Somerset - Langport & Huish Episcopi

To visit his friend Rev Charles Marson at Hambridge, Cecil Sharp would travel from London by train, arriving at Langport West station where he was collected by Marson’s pony and trap. This station was on the Yeovil to Taunton line, opened in 1853 and closed by Beeching in 1964. In addition Langport traders could transport goods by barge up the (tidal) River Parrett from Bridgwater – timber, salt, Welsh coal etc. 

Langport was a busy town, which was incorporated by charter of James I and once had its own magistrates’ court. Its town hall was built in 1733 and it had enjoyed gas lighting since 1835. It had a grammar school (1675) and a Board (Primary) school for 230 pupils (1877). There was a multitude of shops – grocers, butchers, bakers, drapers as well as two hairdressers, a chemist, a jewellers and the nationally famous Kelways Nursery and Seed Merchants. It even had its own newspaper – the Langport & Somerton Herald. In short the town was of a different order to the surrounding villages that Sharp had raided for folksongs. Would he still find folk songs in Langport or not?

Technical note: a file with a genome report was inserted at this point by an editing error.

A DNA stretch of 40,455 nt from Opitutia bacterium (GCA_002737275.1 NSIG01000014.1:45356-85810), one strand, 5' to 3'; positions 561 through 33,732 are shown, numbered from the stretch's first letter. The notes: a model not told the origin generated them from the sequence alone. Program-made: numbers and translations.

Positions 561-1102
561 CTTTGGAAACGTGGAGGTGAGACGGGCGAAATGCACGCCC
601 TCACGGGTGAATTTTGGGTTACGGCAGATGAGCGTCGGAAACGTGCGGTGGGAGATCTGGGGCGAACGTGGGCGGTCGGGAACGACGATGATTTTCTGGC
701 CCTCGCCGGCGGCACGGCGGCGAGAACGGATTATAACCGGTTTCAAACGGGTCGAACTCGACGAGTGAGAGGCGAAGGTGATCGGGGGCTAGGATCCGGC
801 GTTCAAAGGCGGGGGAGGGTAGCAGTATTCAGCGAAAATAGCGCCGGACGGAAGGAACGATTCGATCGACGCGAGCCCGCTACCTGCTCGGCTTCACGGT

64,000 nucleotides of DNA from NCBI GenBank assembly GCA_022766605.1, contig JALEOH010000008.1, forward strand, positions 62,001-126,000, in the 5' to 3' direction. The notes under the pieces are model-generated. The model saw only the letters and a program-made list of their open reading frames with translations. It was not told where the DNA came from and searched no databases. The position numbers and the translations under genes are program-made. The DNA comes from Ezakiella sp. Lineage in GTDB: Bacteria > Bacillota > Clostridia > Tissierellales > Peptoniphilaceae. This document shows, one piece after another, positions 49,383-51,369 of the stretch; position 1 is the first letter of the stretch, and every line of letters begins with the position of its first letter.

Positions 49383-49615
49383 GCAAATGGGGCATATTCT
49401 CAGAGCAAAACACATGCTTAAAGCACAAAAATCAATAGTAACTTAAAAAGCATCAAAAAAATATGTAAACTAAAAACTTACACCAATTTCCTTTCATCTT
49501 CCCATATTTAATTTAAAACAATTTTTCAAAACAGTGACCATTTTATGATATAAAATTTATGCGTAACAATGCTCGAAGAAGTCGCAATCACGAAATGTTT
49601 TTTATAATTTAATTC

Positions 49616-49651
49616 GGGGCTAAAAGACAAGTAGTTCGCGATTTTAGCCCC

For many years there were actually two separate parishes in the town – All Saints (Rev David Ross) which served the commercial section (population 773 in 1911); and St Mary’s Huish Episcopi (Rev Joseph Stubbs) which served the outlying agricultural areas (population 733 in 1911). Stubbs was chaplain to the Langport Union Workhouse and that’s where Sharp first applied for songs (Jane Wheller). Langport Union served 27 surrounding villages (300 inmates). The houses of some of the 18 singers in this section are marked in red on the map below.

Map Illustration by Tom Jay.